Ya-Yas on Vacation

A perquisite of volunteering at the hospital is that one can borrow any book in the library as long as one returns it. I learned this valuable bit of information just before I left for California and immediately picked out two books to take with me.

Divine Secrets of the Ya-Ya Sisterhood was the lighter of the two in both the literal and figurative sense; I also took Reading Lolita in Tehran, which I’m finding disturbing and fascinating.

I started reading about the Ya-Yas on the ride out but interrupted it and only finished the on the last day. In between I read Like Water For Chocolate. (See “Disappearing Panthers; Latin Confusion,” October 9).

The Ya-Yas are four bored girls from wealthy or formerly wealthy families who bond as children in their tiny, inbred enclave on the bayou. The novel opens as Siddalee Walker, daughter of Ya-Ya Vivi Walker Abbott, has just directed a brilliant play and followed it with an interview in the New York Times about her mother, which runs under the headline “Tap-dancing child abuser.”

The balance of the novel is the story of how the Ya-Yas came to be who they are and how Sidda uncovers their past.

What impressed me most was that the women’s loyalty and support for each other never waivered in the face of births, deaths, war, and various other crises. Of course sustaining their  relationship was made easier by the fact that they all stayed in the little backwater town on the Garnet River. Then it dawned on me – where would they go? They were mothers and housewives with high school educations and no skills.

Reading about the Ya-Yas in California gave me a wonderful study in contrast, which I love. (See “Too Much,” from July 21 for my description of reading Angela’s Ashes on the beach in Hawaii and The Feminine Mystique in Mexico.)

The contrast here wasn’t complete because Sidda spends a portion of the novel the Cascade Mountains among Douglas firs as I was spending my time in the cool of the northern California redwoods. But for the most part the Ya-Yas occupy what author Rebecca Wells calls “the hot heart of Louisiana,” much of it in the days before air conditioning where the women and children of leisure stayed cool by swimming in the creek and sleeping on porches covered with mosquito netting. Even the progressive Sidda who lives in New York and then escapes to Washington State can’t leave the bayou. She has to take along her little dog, Hueylene, named for Governor Huey Long.  Her fiancé, however, is not welcome.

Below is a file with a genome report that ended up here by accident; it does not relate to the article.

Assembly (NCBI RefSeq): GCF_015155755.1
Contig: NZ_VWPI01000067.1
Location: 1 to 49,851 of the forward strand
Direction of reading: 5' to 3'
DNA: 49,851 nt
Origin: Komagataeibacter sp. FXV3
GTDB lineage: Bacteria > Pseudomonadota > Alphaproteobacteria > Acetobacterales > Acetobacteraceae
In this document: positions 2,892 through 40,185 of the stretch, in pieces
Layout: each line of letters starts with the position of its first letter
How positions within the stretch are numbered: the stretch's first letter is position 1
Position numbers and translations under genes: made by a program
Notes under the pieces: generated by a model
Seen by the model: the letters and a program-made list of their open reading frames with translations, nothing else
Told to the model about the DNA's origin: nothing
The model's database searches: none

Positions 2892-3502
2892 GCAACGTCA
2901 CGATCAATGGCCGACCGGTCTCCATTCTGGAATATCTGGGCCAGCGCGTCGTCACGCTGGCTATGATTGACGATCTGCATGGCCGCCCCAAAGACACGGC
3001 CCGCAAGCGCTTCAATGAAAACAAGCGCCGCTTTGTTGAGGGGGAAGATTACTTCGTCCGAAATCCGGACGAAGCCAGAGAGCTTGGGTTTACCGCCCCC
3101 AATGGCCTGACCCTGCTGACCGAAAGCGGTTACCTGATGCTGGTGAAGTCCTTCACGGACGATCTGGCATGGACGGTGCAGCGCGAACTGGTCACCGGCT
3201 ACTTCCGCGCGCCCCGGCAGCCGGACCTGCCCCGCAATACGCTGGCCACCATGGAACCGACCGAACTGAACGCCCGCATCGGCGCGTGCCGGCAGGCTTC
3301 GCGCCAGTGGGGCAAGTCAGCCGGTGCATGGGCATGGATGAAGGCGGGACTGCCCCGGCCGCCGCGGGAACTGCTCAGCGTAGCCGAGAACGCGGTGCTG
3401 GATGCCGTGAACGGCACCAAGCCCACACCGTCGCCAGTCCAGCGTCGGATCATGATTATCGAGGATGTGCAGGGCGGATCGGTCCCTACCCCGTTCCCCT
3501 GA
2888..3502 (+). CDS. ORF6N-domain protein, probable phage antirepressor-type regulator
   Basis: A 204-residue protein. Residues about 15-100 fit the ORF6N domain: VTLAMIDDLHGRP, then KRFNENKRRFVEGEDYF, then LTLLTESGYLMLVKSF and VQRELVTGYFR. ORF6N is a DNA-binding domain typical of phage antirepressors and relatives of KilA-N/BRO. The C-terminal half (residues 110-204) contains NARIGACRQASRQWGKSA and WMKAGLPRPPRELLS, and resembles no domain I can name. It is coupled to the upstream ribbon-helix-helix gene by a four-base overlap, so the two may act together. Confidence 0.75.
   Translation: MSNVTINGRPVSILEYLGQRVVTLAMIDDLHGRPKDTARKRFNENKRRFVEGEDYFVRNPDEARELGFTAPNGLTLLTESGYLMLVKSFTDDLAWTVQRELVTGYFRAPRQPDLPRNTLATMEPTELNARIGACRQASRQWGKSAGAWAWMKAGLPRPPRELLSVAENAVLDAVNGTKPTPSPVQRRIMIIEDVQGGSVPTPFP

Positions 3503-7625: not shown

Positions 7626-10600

The people and the time were a study in contrast from my surroundings as well. From watching the diverse, laid-back Bay area, I dove into the Ya-Yas milieu of the pre-World War II South, where black folks were still very much oppressed and no one seemed to notice. Nevertheless, their exploitation of their nurse maids and housekeepers seemed far more benign after three Ya-Yas visit Atlanta, where the servants were still treated just like slaves. In fact that portion of the book contained my favorite scene in which hot-tempered Vivi called out the pretentious Atlanta folks who were trying to re-enact Gone With the Wind. The positive side of this whole business was that the entire region’s penchant for eating food laden with too much salt and too much fat killed many of them off before their time.

Even more impressive than the food was the quantities of alcohol the Ya-Yas consumed. Then I remembered, this was Louisiana, and these folks were not Bible-thumpers, so of course they drank, a lot. But starting the day with a pitcher of bloody marys and a BLT sounds about as revolting an activity as one could engage in.

Kathryn said she thought the novel was superficial, and it certainly isn’t To the Lighthouse. Except for Vivi and Sidda, the characters are mostly physical description (Caro’s 5 foot 9 inch frame with long legs; vs. olive-complected Teensy, barely five feet tall with a perfect body that she showed off to anyone willing to look; and Necie with the long brown hair.) Even their names were fluffy – sort of like the girls in Portnoy’s Complaint, which the guy says are named after Donald Duck’s nephews.

But despite the superficialities, Divine Secrets offers substantial insights into the toxic nature of abuse and damning evidence of the ways it infects succeeding generations.

So in the end, I was glad Sidda resolved her problems – right about the time the very late USAir flight touched down in Hartford.

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